Russia’s Claims of Western Fascism Are Straight Out of Its Soviet Past

The Kremlin is careful to project different images of Russia to the different foreign audiences it hopes to influence.

For the Western right, in particular the nationalists and populists who are more sympathetic to Vladimir Putin, it paints an image of a traditionalist state where Christianity has been reborn, where men can be men, and where the insanities of the woke European and American “establishment” are totally rejected. Meanwhile, the Western left is on the receiving end of messaging that shows Russia as a victim, a peaceful country reacting defensively after getting pushed around by the American empire.

Last week, catering to an internal audience, the Kremlin sought to put on a different face, at the “International Anti-Fascist Congress” held during an annual military exhibition. The messaging was closer to the version fed to the Western left on some points of substance, but in style it is a chip off the old Soviet bloc. Based on the available materials from the congress, it was a kind of official re-statement of the current ideology of the Kremlin, or at least of the Russian Defense Ministry, and the emphasis was on the Nazism of the West. The ideology that Russian Defense Minister Sergei Shoigu is broadcasting, or the remnants of an ideology, shows the continuity between the Soviets’ idea of their enemies and the enemies that Shoigu says he is fighting today.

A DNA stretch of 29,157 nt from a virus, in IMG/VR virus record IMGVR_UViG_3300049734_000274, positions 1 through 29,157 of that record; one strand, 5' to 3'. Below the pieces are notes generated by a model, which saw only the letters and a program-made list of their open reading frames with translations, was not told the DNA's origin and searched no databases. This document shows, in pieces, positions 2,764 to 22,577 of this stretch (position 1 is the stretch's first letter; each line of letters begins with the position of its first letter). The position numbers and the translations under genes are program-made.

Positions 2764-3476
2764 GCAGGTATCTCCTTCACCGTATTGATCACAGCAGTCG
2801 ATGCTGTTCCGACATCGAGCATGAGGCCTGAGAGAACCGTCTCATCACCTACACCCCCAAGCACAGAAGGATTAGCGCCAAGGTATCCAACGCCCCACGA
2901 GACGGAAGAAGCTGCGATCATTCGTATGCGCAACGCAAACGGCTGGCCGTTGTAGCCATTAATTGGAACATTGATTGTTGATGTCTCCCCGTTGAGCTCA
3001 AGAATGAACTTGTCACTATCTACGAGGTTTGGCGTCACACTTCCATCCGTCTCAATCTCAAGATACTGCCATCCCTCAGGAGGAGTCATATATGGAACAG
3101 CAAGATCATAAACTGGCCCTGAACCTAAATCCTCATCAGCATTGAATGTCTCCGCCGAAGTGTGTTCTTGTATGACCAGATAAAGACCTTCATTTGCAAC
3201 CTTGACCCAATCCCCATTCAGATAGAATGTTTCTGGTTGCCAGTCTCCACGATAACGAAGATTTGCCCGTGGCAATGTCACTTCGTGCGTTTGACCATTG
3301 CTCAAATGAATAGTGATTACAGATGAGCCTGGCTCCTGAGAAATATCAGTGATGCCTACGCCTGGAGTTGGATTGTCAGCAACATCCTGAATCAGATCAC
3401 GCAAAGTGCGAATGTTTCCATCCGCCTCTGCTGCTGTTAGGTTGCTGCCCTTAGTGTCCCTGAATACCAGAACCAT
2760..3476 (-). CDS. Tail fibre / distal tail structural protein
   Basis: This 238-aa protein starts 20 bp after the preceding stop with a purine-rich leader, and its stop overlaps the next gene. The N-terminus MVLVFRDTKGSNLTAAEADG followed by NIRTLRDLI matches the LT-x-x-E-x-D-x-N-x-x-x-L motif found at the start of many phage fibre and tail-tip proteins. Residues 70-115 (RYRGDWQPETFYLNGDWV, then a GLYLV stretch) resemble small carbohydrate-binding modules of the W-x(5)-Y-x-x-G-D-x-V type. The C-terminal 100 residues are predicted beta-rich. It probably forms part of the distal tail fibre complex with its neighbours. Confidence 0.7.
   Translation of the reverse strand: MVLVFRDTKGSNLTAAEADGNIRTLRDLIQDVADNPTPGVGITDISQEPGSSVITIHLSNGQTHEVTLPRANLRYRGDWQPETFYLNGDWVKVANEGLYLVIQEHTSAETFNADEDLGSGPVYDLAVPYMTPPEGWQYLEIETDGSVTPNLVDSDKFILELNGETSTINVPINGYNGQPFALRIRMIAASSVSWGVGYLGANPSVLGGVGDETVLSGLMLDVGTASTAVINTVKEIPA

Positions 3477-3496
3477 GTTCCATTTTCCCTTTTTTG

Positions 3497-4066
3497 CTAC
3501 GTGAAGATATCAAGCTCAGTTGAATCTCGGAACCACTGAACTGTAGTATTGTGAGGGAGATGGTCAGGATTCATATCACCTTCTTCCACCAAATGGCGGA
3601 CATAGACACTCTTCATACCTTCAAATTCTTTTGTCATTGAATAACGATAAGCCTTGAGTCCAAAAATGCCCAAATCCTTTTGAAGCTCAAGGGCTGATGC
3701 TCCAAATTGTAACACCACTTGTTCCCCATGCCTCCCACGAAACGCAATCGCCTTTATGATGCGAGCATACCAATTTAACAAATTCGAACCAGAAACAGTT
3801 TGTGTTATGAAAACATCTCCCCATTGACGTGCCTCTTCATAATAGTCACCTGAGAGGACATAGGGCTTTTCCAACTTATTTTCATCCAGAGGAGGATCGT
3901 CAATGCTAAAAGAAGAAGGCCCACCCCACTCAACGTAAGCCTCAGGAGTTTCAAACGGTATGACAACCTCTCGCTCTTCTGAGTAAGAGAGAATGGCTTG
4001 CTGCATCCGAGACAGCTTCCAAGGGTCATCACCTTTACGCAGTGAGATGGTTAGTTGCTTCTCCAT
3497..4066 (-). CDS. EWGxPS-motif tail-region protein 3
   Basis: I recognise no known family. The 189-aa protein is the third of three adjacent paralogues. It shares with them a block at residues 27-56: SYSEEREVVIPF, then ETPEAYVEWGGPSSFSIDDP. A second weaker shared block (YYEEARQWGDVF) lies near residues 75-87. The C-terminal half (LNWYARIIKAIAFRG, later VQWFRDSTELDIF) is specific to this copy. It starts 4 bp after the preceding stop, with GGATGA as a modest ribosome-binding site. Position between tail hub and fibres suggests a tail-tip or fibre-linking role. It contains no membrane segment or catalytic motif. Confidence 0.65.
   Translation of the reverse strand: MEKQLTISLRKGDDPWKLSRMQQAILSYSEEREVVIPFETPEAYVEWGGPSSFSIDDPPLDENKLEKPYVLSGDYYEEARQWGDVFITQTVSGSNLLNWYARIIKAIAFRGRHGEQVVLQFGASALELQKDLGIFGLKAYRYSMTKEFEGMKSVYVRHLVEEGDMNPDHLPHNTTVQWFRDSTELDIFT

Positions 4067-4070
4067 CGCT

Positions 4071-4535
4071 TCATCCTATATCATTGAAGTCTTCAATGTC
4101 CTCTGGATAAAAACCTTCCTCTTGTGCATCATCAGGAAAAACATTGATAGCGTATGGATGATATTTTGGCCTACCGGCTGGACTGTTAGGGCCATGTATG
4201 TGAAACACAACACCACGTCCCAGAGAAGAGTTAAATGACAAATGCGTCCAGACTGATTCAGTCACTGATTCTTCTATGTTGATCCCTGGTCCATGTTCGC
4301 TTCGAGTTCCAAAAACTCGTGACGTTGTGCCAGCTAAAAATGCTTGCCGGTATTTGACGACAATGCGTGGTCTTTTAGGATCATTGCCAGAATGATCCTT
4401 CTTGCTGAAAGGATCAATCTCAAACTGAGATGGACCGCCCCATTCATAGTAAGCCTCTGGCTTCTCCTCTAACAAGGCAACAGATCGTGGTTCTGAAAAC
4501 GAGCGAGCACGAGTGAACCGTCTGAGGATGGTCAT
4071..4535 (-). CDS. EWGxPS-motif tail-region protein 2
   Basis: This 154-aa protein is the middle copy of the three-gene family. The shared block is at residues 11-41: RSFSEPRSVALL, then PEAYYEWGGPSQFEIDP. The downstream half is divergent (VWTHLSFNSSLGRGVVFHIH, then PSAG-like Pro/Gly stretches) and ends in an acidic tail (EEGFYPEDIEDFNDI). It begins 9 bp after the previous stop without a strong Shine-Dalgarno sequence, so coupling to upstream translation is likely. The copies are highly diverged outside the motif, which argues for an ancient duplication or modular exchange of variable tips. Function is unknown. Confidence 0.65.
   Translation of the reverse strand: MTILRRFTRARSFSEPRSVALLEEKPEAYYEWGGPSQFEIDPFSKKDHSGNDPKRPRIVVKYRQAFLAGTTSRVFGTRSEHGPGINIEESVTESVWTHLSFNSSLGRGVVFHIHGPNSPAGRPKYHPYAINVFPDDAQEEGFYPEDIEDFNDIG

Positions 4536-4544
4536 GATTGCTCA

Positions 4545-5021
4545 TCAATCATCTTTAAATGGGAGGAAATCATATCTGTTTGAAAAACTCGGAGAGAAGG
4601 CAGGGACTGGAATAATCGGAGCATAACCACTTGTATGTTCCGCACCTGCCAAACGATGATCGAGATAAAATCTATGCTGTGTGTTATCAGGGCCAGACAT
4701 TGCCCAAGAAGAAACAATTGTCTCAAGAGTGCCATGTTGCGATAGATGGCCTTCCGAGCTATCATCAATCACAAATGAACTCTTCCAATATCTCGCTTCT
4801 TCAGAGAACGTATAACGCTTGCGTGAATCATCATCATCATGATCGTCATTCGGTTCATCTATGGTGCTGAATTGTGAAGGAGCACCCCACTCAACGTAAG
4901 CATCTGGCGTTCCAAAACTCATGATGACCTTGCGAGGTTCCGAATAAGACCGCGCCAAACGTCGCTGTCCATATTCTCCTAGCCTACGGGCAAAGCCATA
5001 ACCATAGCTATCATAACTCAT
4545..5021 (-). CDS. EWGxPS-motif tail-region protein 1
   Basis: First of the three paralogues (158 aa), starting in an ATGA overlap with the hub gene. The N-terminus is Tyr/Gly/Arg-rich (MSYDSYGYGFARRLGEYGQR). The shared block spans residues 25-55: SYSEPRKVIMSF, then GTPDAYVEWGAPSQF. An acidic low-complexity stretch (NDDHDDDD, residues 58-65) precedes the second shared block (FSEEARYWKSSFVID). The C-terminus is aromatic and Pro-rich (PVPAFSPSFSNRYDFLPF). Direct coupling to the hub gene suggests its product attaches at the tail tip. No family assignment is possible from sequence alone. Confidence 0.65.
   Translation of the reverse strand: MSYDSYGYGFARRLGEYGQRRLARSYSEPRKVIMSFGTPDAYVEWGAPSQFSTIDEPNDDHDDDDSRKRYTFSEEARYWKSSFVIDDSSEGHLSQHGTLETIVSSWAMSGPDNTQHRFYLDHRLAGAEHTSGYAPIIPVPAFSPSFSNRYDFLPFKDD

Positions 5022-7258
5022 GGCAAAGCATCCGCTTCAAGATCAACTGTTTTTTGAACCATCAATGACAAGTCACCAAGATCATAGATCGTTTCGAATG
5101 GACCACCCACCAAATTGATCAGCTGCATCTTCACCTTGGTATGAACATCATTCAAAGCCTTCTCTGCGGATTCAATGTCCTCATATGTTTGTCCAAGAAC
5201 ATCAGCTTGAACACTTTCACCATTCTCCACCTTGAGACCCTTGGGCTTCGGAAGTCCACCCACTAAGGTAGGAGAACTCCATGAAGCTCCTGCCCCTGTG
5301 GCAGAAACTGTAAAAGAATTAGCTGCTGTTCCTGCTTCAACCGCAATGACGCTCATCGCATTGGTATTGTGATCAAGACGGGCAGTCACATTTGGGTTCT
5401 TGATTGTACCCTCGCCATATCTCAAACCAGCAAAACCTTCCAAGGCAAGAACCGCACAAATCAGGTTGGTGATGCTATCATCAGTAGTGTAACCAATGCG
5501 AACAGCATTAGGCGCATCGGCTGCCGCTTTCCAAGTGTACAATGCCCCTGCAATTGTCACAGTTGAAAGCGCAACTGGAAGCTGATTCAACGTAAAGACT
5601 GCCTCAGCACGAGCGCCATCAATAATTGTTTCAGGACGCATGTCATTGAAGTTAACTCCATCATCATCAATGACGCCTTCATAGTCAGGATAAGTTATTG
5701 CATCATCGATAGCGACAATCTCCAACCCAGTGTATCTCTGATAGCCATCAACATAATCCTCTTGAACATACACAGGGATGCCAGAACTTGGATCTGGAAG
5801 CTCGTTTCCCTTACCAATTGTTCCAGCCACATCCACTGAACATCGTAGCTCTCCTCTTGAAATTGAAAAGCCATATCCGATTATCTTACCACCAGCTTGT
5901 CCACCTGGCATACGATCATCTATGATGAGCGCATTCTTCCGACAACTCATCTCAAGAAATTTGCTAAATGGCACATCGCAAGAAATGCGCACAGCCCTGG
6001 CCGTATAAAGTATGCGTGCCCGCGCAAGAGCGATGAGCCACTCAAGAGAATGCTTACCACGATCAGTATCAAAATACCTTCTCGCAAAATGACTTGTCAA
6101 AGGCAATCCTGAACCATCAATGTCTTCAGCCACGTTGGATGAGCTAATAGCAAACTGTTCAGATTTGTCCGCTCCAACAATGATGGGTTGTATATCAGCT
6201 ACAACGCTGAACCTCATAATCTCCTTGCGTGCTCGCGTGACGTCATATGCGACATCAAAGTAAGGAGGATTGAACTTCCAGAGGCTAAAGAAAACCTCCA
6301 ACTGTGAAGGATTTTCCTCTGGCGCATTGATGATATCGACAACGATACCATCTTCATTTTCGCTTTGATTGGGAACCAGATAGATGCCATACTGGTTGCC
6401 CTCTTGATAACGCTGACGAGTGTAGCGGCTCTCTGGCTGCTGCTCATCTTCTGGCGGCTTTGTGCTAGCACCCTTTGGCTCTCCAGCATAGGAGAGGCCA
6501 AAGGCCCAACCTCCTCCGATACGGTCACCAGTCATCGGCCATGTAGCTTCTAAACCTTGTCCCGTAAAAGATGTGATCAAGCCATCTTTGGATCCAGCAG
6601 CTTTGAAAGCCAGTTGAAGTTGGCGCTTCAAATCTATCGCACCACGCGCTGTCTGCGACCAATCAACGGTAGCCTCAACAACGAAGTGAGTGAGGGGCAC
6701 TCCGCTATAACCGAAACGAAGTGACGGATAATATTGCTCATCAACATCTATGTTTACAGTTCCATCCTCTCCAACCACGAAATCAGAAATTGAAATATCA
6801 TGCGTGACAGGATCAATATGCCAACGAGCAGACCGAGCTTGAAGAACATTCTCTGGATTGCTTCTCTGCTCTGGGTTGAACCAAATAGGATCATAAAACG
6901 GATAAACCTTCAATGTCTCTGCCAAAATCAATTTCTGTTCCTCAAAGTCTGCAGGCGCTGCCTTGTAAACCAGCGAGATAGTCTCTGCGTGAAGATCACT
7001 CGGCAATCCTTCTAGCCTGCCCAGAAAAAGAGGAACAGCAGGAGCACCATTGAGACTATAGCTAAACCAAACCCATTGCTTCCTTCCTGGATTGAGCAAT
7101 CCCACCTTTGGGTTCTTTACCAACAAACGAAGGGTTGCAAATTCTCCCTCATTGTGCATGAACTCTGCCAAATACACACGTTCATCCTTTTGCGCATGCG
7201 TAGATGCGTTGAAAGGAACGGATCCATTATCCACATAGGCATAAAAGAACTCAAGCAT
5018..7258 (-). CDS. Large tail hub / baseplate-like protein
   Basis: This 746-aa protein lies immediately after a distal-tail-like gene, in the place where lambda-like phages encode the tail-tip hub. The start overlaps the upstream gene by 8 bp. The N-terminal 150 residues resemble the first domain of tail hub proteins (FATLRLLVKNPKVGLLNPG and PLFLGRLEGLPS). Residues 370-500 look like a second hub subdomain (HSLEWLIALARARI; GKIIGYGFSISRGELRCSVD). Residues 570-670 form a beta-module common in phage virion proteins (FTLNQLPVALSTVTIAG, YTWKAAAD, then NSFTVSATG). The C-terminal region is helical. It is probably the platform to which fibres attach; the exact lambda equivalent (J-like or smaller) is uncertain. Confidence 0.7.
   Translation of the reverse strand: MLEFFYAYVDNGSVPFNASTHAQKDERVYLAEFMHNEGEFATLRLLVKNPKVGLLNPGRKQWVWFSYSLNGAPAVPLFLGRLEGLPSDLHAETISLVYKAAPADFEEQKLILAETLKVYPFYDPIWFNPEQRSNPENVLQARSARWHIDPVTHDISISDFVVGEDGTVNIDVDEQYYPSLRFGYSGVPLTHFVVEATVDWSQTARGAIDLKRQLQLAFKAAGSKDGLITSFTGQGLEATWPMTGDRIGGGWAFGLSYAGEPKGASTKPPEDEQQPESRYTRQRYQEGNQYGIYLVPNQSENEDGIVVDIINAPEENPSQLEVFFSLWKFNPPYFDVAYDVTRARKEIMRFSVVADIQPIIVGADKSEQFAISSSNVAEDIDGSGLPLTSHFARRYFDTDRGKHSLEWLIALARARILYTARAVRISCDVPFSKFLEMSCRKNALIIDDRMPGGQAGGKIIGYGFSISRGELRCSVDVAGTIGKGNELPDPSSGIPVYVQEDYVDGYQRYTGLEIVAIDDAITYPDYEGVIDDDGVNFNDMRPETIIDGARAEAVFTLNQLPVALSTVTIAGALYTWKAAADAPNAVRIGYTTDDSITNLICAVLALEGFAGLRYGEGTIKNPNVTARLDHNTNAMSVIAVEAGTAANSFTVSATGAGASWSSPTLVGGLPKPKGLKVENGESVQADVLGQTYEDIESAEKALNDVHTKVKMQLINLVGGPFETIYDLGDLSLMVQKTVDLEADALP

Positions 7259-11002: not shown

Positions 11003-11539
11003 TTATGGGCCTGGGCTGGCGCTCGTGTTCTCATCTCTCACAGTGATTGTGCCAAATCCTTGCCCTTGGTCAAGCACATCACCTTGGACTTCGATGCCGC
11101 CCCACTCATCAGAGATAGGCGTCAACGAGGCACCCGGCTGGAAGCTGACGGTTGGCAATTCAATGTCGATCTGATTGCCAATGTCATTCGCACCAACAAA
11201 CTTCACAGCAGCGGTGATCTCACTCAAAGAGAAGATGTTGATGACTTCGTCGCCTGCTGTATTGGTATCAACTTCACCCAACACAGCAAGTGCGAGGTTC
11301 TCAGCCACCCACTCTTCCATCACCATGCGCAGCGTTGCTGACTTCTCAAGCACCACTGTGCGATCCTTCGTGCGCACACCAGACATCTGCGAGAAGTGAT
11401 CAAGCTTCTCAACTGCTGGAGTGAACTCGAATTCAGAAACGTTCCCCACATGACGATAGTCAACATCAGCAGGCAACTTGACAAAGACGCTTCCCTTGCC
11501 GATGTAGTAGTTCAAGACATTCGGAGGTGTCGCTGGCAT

Shoigu opened the Congress with a very Soviet speech, taking on the slippery task of defining fascism in the first minutes: “The staunch anti-fascist Georgi Dimitrov called fascism bestial chauvinism, medieval barbarism, and unbridled aggression against other peoples and countries.” 

A word about Dimitrov. This “staunch anti-fascist” was the head of Communist International from 1935-1943, one of Stalin’s stable of activists who went on to be the first Communist dictator of Bulgaria. The quote Shoigu chose is just a small part of a longer disquisition from 1935, near the height of Stalinism, titled “The Class Character of Fascism.” Dimitrov’s quote there is part of his description of German fascism, the “most reactionary variety of fascism … the shock troops of the international counter-revolution … the instigator of a crusade against the Soviet Union, the great fatherland of the working people of the whole world.” According to Dimitrov, “Fascism is the power of finance capital itself.” He wrote that fascism could take different forms in different countries—sometimes in the form of social democracy and sometimes in the form of dictatorship—but that in every case fascism is a method of the “domination of the bourgeoisie.” In other words, fascist Germany in 1935 was similar to the United States of 1935 or the U.K. or France of 1935; it is just that in the supposedly “free” countries finance capital had better camouflage or had not yet come to the state of crisis where dictatorship was necessary.

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